How did the fighting start?
In March, a rebel alliance called the Seleka marched from the predominantly Muslim north of the country and seized the capital, Bangui. President François Bozizé, who had come to power in a 2003 military coup, was ousted, and rebel leader Michel Djotodia declared himself president.
What happened after that?
According to Human Rights Watch, the Seleka rules “arbitrarily and with complete impunity.” Its forces are accused of attacks on villages, rape and widespread looting. In recent months, self-defense groups, mostly made up of Christians, have been fighting the Seleka and targeting Muslims, provoking revenge attacks. Muslims make up 10 percent to 20 percent of the population in the predominantly Christian country.
What are they fighting about?
Mostly power, control of territory and past grievances. The country also has extensive agricultural and mineral resources. Its main exports are diamonds, timber, coffee and tobacco. It also has reserves of gold and uranium.
What has been the effect on civilians?
Human rights groups say the Seleka has killed many civilians and destroyed hundreds of homes and scores of villages. The attacks and fighting have displaced as many as 400,000 people, many fleeing into the forests or into neighboring countries. Estimating the number of dead has been difficult because much of the violence has occurred in remote areas. Human rights activists also accuse the Christian vigilante groups of committing abuses.
Aren’t U.S. troops in central Africa, aiding the search for Joseph Kony, the warlord who leads the Lord’s Resistance Army?
Yes, and Kony is widely thought to be hiding in the Central African Republic. But he and his band of murderous rebels are not involved in the ongoing crisis. For more than two decades, however, the LRA has killed, maimed and kidnapped villagers across the region.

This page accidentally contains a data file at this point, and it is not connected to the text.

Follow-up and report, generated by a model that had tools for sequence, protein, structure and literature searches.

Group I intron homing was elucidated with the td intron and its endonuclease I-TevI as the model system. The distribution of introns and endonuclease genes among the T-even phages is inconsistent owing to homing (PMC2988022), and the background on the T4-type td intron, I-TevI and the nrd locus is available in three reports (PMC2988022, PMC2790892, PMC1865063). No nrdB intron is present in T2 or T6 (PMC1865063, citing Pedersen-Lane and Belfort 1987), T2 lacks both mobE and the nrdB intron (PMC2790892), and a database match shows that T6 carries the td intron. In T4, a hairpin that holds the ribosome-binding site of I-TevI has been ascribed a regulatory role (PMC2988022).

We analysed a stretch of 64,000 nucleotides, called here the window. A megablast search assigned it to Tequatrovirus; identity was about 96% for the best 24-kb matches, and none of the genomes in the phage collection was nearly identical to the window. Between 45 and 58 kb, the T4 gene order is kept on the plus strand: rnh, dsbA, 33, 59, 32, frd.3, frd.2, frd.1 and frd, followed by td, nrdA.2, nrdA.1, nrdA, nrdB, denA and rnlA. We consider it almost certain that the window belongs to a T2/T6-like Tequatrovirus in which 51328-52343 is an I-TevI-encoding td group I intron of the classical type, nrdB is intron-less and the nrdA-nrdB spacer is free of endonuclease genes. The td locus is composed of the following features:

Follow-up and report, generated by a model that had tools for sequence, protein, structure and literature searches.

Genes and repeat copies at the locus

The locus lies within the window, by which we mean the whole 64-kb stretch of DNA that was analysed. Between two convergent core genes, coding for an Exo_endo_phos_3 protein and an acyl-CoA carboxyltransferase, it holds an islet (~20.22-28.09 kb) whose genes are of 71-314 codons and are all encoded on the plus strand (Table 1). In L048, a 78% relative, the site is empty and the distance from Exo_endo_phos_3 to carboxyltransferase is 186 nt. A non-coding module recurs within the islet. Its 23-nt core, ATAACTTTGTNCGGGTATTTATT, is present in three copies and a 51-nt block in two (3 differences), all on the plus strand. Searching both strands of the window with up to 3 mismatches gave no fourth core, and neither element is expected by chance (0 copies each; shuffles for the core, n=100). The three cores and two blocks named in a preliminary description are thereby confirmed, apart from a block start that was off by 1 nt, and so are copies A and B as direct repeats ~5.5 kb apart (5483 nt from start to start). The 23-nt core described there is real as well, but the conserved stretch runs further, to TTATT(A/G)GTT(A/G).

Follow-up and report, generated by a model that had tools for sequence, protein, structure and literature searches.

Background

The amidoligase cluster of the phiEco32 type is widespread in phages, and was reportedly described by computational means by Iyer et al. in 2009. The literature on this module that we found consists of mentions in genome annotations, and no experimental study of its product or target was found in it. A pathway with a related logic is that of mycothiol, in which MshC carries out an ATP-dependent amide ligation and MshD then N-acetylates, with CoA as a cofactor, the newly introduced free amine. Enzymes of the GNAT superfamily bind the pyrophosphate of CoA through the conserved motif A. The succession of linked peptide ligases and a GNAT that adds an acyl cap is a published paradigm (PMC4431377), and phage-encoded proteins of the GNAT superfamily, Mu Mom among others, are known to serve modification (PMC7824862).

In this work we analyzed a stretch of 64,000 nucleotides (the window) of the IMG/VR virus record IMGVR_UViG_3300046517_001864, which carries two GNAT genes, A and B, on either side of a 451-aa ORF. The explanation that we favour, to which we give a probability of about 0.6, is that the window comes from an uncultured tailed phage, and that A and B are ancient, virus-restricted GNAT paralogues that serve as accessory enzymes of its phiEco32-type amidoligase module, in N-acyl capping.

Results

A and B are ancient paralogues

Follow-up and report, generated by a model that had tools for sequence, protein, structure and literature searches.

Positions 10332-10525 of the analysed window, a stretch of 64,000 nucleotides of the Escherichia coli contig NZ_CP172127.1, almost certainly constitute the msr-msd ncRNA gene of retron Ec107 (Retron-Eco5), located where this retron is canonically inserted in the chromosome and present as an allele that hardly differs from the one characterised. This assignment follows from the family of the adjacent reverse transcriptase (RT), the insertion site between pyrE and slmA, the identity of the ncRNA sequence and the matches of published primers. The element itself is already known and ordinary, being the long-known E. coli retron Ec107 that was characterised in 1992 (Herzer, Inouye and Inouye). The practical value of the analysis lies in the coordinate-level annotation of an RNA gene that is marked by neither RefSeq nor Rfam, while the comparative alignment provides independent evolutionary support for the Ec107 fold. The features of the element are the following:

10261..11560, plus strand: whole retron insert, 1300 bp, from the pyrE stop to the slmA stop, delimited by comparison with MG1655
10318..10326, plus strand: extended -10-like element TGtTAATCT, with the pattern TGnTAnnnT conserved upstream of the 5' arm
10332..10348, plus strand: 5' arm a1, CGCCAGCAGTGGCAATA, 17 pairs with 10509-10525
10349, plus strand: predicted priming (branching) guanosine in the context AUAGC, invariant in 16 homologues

So the Central African Republic had problems before the coup?
The country has been unstable since its independence from France in 1960. The landlocked nation of about 5 million people is one of the poorest and least-developed in the world. Its recent history has been marred by brutal and corrupt regimes, most installed by coups. Perhaps the most well known was that of Jean-Bédel Bokassa, who crowned himself emperor and began a reign of terror that included an alleged massacre of schoolchildren. He was overthrown in 1979 in a military coup backed by French commandos. The cycles of violence have led to a proliferation of weapons in the country.
Is the country on the verge of a genocide?
France has said so, and a special U.N. adviser called the crisis “one of the worst human rights and humanitarian crises of our time.” The United States has been more cautious in its assessments (and has pledged $40 million to strengthen an African Union force in the country, but it has said that U.N. peacekeepers are not yet needed).
Is the international community doing anything?
France’s announcement Tuesday that it will send 1,000 troops to the country to help stem the violence comes amid mounting concern. The force bolsters an existing contingent of 420 French soldiers protecting the airport in the capital. The deployment marks the second time this year that France has dispatched troops to an African nation. In January, France staged a military intervention against radical Islamists who had seized control of northern Mali.
There are 2,500 African troops in the Central African Republic, and there are plans to bolster that force. The U.N. Security Council is considering options to stop the violence.
Will sending in U.N. peacekeepers affect other U.N. missions in Africa?
It could. U.N. officials say that if conditions deteriorate quickly, peacekeepers might be pulled from one of the other U.N. peacekeeping operations in sub-Saharan Africa, including those in Congo, Mali and the Darfur region of Sudan. All these places are gripped by conflict and insurgencies, and the international community could find itself spread thin.